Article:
FIG. 14 is a top view of a first type of block used in the arrangement of FIG. 13;
FIG. 15 is a front view of the block of FIG. 14;
FIG. 16 is a top view of a second type of block used in the arrangement of FIG. 13;
FIG. 17 is a front view of the block of FIG. 16;
FIG. 18 is a top view of an alternative standard block shape which may be used in the arrangements of FIGS. 1-3 and FIGS. 8 and 9; and,
FIG. 19 is a front view of the block of FIG. 18.
One arrangement in accordance with the invention, referring now to FIGS. 15, uses blocks of one standard type to form the elemental units of a terraced wall construction of infinitely variable slope. By infinitely variable is meant that an infinite number of adjustments may be made between a relatively shallow slope and a relatively steep slope, which slope constitutes the limiting conditions within which this type of terraced construction is advantageously employed. For lesser and greater slopes, other types of retaining wall or decorative construction will ordinarily be preferred.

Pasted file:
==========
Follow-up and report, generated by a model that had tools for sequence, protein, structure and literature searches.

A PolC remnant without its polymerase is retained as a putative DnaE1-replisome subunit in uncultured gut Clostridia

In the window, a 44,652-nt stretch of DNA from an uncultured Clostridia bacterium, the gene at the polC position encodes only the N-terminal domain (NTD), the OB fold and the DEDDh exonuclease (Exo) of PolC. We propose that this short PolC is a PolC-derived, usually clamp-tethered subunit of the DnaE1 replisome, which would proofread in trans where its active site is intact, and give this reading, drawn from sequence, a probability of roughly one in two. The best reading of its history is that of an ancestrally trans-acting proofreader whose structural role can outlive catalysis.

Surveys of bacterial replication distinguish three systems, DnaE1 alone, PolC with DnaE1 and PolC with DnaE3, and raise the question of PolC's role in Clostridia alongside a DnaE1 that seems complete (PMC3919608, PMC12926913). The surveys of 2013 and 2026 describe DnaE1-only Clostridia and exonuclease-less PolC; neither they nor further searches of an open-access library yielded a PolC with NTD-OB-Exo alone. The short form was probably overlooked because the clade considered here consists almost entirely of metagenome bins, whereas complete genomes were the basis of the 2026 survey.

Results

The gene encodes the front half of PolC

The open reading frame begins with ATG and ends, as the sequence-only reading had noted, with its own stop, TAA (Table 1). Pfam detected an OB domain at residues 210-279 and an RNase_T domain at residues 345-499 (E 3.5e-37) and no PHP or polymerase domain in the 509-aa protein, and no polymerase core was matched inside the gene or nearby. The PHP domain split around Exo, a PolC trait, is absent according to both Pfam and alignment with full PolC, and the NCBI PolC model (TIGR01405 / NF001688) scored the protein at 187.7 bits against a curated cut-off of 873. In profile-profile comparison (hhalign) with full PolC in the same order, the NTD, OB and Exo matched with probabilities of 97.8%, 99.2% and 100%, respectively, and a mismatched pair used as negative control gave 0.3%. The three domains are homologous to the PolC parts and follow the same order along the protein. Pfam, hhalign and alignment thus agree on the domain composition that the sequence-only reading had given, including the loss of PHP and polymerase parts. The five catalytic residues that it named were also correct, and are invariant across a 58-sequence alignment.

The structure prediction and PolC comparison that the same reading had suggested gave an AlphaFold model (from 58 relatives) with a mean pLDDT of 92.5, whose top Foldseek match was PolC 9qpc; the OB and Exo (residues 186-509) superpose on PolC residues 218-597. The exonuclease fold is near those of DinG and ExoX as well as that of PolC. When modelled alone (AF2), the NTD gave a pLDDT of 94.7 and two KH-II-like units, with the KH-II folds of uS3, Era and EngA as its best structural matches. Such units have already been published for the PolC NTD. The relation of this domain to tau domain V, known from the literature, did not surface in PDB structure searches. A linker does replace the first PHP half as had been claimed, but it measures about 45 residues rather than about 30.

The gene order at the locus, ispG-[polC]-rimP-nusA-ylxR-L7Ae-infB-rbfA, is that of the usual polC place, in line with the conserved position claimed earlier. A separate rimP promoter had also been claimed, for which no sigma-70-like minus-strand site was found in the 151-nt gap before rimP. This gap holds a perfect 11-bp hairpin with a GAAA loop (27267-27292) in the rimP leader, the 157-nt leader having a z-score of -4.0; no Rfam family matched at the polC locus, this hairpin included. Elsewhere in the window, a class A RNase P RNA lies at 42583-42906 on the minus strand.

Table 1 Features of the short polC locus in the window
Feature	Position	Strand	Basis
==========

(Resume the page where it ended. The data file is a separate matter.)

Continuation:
Terraced wall constructions in accordance with the invention utilizes standardized block elements of any of a number of forms, as described below. In the arrangement of FIGS. 1-3, a single block such as is shown in front view in FIG. 4 and in top view in FIG. 5 is used throughout. The block 10 has a rectangular central body portion with extending end shoulders 11, 12; the shoulder ends being essentially semi-circular to allow freedom of movement and a maximum degree of angularity relative to adjacent blocks. The end shoulders 11, 12 are half the height of the blocks, and symmetrical, in order that the block may also be used in an inverted position. Vertical holes 14, 15 are centrally disposed in each of the end shoulders. These blocks 10 are definable within a rectangular outline of limited width or depth and may be fabricated by commercial masonry block-making ma- .4 chines on a mass production basis, from simple conforming molds.